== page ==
We are in the heart of Andalusia and despite it being the very dying hours of winter, the weather is as dramatic as the evocative landscape of this region of southern Spain. We are here to drive the latest BMW product, the 6 Series convertible – a car that promises not just long and lean aesthetics of a gran turismo, but also – much in GT style – a sporty drive in pure luxury.
BMW has a rich heritage in this genre – from the 327 and 503 coupés and convertibles of the 30s and 50s, to the first 6 Series coupé of the 70s and 80s that later became the 8 Series coupé in the 90s, the 6 Series in 2003 and now the latest 6 Series coupé and convertibles.
In both its hard roof coupé and fabric top convertible versions, the latest 6 retains the essential GT aesthetic – a two-door coupé sculpture with a long sweeping bonnet, low stance and a cabin set back to enhance these evocative proportions.
Designer Nader Faghihzadeh, who’s proposal won the internal competition for the car, was essentially inspired by the geometry of water. He explores the theme as he talks us around his creation. Yes, he assures us, water does have geometry: ‘Imagine moving water. It is flat but then you introduce distortion by entering a stick into it to create an opening. What you’ll see are hard edges that merge into soft surfaces. The geometry of water became my inspiration for surface treatment,’ notes the Munich-based Iranian designer.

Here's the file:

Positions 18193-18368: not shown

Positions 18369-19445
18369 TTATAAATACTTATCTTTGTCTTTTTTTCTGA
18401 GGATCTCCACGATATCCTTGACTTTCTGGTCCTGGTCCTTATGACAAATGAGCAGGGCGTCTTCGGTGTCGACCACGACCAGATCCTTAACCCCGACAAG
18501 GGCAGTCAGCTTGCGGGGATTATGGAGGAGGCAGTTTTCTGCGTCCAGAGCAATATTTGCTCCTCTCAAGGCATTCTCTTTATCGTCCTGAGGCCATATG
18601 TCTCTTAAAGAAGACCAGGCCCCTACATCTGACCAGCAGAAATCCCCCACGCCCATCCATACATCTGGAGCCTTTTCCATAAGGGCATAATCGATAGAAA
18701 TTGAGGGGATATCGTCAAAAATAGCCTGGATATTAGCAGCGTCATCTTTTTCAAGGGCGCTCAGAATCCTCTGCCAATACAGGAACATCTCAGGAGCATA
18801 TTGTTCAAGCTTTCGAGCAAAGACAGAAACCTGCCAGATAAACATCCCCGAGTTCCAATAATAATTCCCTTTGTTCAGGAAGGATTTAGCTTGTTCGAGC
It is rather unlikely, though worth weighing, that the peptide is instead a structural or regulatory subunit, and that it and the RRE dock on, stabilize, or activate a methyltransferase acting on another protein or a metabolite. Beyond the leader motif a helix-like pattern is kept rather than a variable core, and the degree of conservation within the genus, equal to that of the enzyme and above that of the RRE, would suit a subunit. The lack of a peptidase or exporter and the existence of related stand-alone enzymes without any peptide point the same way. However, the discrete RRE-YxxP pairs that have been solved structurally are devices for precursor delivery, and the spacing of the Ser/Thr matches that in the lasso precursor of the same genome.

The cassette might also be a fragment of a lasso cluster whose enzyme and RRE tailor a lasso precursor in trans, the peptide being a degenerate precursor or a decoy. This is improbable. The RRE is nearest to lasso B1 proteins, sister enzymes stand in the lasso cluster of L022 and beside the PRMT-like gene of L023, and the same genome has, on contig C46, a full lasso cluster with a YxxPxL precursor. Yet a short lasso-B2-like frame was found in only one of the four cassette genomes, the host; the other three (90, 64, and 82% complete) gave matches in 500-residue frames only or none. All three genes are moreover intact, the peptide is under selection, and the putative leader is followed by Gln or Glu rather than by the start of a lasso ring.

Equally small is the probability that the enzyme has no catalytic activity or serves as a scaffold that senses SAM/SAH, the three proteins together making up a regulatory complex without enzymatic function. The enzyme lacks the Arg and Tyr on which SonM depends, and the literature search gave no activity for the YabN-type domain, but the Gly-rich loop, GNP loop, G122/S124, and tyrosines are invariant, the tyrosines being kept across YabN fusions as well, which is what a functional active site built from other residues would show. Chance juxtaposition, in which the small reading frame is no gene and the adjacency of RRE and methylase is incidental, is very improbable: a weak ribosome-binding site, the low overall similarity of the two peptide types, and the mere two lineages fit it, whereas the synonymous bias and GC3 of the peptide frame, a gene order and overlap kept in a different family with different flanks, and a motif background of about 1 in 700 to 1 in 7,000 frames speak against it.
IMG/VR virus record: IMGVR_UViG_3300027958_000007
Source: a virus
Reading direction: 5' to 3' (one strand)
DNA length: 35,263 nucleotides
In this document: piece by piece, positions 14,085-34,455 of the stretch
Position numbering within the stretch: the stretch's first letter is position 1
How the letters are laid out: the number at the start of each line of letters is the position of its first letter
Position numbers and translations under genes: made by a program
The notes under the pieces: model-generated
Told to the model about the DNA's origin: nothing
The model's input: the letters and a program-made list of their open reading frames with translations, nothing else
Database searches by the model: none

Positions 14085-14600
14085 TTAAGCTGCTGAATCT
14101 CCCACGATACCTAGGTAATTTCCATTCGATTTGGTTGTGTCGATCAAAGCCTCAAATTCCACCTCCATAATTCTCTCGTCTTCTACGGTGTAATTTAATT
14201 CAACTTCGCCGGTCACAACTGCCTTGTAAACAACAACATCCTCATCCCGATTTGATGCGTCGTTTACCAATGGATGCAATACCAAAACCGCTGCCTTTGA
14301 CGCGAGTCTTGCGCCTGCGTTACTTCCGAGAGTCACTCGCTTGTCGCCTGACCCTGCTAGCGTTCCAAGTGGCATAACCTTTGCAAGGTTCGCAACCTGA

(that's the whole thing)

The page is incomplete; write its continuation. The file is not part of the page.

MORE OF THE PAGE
Faghihzadeh continues to explain that the car needed to represent a younger, modern sporty aesthetic. ‘The interplay of proportions and surface detail had to be the focus – the surface treatment needed to create this athletic elegance,’ he insists.
Visual length is enhanced through a single uninterrupted line that runs the length of the car to the rear and over the integrated lights. The surface changes direction only at the very end where it works to accentuate the wheels – a classic BMW design cue to express that this is rear wheel driven.
Faghihzadeh’s aquatic theme continues with the distinctive BMW shark nose complemented by the fin shaped treatment of the soft-top roof at the rear. He notes that apart from housing the glass rear window the fin creates a second section at the boot that looks almost like a boat.
It is not an easy engineering task to attach a coupé-style fabric roof to a car of this length, but the designers were keen to stick to a soft-top aesthetic that signifies a more frivolous open-air drive. The result is an almost seamless fabric roof that opens in a mere 19 seconds and comes in a variety of shades.
Sitting inside, the cabin is highly driver focused with all functions, including the central section of the instrument panel, tilted towards the driver. This is something that BMW is keen to explore further in its more sporty cars. Sadly, material options remain on the more conservative side with the usual choice of leather, wood and aluminium.
Design departments are increasingly on the lookout for alternative materials that signify modern luxury and it would have been a bonus to find some of these ideas expressed inside this car’s cabin.
Modern cars tend to be over styled. Advanced technology has perhaps enticed some designers to do too much surface work and create too many clashing and confusing lines. Here the treatment has been almost minimalist.
Faghihzadeh and his team have reduced the design to a few simple lines to create a car that manages to look lean, elegant and graceful in the flesh, especially in black, which as the designer notes as a parting gesture, was the colour he had in mind when designing the car.
Read about BMW’s Vision ConnectedDrive here, a concept car showing how internet connectivity can enhance the driver experience. Also, read about the marque’s eco ambition and the MegaCity Vehicle here.
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